Work is the environment in which adults and, in many countries children, spend a large part of our lives. Occupational health hazards have evolved with the world of work. To the physical, chemical and biological risks, new risks derived from globalization, the prevalence of the free market, or new technologies have been added. Teleworking, downsizing, outsourcing, increased working hours, precariousness, in short, brought with them a threat to physical, mental and social health: psychosocial risks.

     The fourth European Survey on Working Conditions found that one in five workers suffers from a stress-related disorder, affecting more than 40 million people. Accepting that the development of countries occurs at different speeds and with increasingly noticeable differences, it becomes necessary to exchange experiences, initiatives and practices proposed from all professions and fields that deal with occupational health. Some countries do not even have legislation on psychosocial risks, in most, a culture of prevention has not been established and, in others, it is evaluated by legal imperative without understanding the evaluation of these risks as a prior and essential step to the intervention. 

     The World Health Organization recently recognized, forty years later, the “burnout syndrome” in its revision of the International Classification of Diseases. Damages generated by harassment at work are not understood as occupational disease. In some countries it has been classified as a criminal offense and the International Labor Organization promulgated the Violence and Harassment Convention (No. 190) in 2019.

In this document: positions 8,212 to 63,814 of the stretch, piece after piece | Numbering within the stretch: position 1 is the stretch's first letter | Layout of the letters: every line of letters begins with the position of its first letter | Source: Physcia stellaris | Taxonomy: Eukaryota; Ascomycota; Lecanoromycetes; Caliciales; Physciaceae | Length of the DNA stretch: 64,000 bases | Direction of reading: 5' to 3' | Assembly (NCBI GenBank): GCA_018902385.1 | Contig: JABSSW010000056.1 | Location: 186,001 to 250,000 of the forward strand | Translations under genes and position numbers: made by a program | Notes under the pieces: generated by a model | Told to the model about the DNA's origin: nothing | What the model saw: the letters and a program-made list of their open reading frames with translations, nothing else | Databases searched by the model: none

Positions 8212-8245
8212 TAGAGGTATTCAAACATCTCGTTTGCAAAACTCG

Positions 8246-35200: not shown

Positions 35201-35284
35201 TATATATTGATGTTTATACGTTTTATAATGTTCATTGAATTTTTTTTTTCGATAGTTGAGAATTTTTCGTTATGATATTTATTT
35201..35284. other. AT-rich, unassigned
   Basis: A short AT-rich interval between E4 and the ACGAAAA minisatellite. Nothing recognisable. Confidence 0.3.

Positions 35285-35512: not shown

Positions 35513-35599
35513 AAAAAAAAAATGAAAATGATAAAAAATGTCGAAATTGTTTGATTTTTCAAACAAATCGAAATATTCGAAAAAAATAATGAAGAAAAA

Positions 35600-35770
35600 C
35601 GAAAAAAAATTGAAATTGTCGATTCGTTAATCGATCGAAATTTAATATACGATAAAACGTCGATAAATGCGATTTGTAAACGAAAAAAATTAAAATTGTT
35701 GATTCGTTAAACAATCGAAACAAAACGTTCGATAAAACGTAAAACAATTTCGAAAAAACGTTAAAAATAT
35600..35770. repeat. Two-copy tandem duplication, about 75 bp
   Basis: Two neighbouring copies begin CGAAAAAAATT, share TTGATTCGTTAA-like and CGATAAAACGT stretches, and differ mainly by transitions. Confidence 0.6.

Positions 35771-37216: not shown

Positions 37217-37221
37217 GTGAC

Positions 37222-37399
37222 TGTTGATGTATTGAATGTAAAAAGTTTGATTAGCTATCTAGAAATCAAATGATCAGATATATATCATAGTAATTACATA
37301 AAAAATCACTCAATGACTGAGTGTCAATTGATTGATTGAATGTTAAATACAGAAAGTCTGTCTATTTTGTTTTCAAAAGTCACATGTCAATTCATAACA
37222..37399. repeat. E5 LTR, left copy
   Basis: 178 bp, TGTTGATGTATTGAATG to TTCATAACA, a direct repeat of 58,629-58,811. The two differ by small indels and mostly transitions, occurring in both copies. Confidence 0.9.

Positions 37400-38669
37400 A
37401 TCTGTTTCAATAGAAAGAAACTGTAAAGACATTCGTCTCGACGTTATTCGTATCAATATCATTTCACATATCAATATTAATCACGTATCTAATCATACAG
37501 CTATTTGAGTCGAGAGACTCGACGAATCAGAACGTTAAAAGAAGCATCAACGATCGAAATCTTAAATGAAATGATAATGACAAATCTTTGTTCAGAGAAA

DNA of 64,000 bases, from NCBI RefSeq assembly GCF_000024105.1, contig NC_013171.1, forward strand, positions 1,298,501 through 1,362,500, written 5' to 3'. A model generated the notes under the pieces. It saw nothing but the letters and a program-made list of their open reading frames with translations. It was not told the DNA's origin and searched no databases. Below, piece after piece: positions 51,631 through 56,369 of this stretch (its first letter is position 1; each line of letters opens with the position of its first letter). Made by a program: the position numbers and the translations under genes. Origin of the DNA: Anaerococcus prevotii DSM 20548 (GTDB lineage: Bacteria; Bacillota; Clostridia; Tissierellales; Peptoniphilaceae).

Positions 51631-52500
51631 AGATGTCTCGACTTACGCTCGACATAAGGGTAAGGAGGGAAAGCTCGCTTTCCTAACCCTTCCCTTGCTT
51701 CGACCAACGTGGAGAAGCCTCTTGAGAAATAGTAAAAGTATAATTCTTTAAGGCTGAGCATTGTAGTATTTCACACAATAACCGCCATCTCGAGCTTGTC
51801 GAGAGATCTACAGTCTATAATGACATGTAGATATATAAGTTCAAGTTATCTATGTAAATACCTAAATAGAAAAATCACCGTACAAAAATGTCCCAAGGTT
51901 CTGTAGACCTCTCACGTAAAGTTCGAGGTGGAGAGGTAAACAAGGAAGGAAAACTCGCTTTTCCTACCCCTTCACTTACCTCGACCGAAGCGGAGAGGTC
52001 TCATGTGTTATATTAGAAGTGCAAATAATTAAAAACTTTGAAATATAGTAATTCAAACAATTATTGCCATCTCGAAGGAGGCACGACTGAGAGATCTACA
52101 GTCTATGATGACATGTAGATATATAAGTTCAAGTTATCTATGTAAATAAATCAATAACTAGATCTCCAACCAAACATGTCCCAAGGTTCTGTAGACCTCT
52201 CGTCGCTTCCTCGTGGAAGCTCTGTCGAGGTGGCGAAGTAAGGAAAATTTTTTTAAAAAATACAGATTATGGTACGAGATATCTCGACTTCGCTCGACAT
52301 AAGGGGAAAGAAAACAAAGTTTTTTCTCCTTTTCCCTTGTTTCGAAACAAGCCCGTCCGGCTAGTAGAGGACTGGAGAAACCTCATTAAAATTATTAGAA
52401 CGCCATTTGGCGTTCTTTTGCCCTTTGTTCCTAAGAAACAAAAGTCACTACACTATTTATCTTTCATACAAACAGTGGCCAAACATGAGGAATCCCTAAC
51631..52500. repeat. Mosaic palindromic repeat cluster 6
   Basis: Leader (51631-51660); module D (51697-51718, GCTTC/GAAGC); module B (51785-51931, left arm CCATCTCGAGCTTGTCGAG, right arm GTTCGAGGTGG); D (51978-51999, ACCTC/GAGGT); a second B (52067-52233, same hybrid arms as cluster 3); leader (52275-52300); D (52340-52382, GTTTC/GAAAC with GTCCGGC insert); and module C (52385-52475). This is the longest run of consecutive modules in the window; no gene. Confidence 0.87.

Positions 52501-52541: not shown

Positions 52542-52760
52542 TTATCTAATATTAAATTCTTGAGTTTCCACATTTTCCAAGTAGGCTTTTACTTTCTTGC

The investigation of psychosocial risks involves many difficulties, among other reasons because of its apparently “invisible” nature. The focus has been on the characteristics of the worker, as if he suffered a psychological weakness, while the evidence shows that we are not facing a problem of individuals and organizations have understood that dedicating efforts to prevent these risks not only achieves healthier organizations, but also greater productivity and quality of services. The debate in recent years has focused on discussing three forms of non-exclusive and necessary action: actions on the psychosocial factors of the environment, facilitation of participation and communication processes and attention to workers through actions that promote health and well-being . The implementation of a preventive culture in the workplace must involve all agents (governments, social agents, prevention services, managers and workers).

     This is why this international meeting is emerging as an invaluable opportunity for multidisciplinary exchange between countries, research groups and health and prevention professionals. We must not forget that we live in an increasingly complex and changing world and that the COVID pandemic has posed not only a challenge for science and health, but also a threat to the safety, health and lives of workers. 

     The development of the productive forces grows unstoppably, as does the knowledge and availability of new technologies and industrial processes, generating new problems. For all these reasons, the Network of Researchers on Psychosocial Factors at Work, A.C. (RIFAPT A.C.), the University of Zaragoza, the Universidad Autónoma Metropolitana Unidad Xochimilco, the Faculty of Higher Studies Zaragoza of the UNAM, and the Autonomous University of Mexico City convened this 1st International Congress and 4th. Congress of the Americas on Psychosocial Factors at Work to all those who want to contribute knowledge, research and intervention methodologies, experiences and where we can from a broad and multidisciplinary perspective, get a little closer to the objective that work ceases to be a source of suffering, discomfort and illness and recover the creative and humanizing value that it possesses.